Metabolic Alterations and Targeted Therapies in a Drosophila Model of ALS
AdvisorZarnescu, Daniela C.
MetadataShow full item record
PublisherThe University of Arizona.
RightsCopyright © is held by the author. Digital access to this material is made possible by the University Libraries, University of Arizona. Further transmission, reproduction, presentation (such as public display or performance) of protected items is prohibited except with permission of the author.
AbstractAmyotrophic Lateral Sclerosis (ALS) is a fatal neurodegenerative disease characterized by the loss of upper and lower motor neurons. Despite one hundred and fifty years since the first characterization of the disease, an effective treatment for patients has remained elusive. ALS patients often present with systemic metabolic defects that correlate with disease progression. Exactly how metabolic alterations contribute to disease pathogenesis is poorly understood. Our laboratory has developed a Drosophila model of ALS based on the genetic overexpression of TAR DNA binding protein 43 (TDP-43), a protein that is found in pathological aggregates in over 97% of all ALS patients. Using this model, we find metabolic alterations in long chain fatty acids and glycolysis end-products - suggesting altered mitochondrial function and altered glucose metabolism. Dietary supplementation with either medium chained fatty acids, ketone precursors, or glucose improves the locomotor function of TDP-43 expressing flies. Indeed, increased glucose availability through genetic expression of human glucose transporter 3 in motor neurons improves TDP-43 induced locomotor defects, improves synaptic vesicle function, and increases the number of boutons at the neuromuscular junction. Moreover, Pfk mRNA, an indicator of glycolytic flux, is upregulated in flies, patient derived motor neurons differentiated from induced pluripotent stem cells and ALS spinal cords. Interestingly, Pfk overexpression rescues TDP-43 induced locomotor defects – suggesting that increasing the rate of glycolysis in motor neurons is neuroprotective. Together, these findings show that there are clear metabolic alterations in the central nervous system of a Drosophila model of ALS that can be mitigated by either increasing the availability of medium-chained fatty acids, or increasing the rate of glycolysis.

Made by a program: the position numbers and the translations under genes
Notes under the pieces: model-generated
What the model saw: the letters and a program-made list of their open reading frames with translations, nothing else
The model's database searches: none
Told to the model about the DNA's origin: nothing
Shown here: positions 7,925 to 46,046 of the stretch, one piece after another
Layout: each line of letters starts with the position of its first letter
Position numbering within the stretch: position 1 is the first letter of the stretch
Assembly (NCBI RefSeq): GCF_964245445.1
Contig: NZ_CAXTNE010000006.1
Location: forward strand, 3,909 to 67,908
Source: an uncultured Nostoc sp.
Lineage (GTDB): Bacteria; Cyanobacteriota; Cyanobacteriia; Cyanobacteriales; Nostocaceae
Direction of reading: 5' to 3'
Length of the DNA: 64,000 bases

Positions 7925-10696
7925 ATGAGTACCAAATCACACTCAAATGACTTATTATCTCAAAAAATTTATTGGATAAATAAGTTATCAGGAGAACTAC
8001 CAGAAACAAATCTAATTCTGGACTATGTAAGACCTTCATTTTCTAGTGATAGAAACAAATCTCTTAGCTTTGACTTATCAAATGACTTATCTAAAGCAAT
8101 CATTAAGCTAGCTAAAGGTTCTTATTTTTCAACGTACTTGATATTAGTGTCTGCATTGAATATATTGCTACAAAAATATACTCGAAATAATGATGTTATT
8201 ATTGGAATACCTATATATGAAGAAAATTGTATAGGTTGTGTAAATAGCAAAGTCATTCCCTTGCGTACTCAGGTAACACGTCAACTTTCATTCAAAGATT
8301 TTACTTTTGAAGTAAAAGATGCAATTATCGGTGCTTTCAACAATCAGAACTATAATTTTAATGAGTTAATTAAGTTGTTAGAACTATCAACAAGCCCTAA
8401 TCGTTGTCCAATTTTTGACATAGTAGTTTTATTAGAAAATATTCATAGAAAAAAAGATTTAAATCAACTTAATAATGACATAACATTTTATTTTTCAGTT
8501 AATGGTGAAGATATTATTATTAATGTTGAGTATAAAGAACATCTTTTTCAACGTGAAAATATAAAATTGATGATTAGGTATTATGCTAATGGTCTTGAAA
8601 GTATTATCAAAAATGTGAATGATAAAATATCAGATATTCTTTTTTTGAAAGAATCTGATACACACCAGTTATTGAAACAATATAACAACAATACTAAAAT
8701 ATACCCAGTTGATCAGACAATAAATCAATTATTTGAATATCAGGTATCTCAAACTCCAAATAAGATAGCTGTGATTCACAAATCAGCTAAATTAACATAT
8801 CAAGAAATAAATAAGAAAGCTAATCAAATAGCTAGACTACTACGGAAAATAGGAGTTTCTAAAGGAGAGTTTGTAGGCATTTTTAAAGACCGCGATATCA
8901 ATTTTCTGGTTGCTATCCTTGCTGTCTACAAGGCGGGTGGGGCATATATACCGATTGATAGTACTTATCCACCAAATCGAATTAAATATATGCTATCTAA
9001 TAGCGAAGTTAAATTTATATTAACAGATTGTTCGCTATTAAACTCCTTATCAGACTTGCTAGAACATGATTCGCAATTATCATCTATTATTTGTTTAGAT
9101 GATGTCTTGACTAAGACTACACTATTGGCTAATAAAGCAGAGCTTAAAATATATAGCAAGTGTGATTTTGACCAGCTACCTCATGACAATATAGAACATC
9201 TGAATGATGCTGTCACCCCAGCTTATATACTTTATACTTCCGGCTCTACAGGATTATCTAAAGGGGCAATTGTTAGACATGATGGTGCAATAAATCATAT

Degree ProgramGraduate College
Molecular & Cellular Biology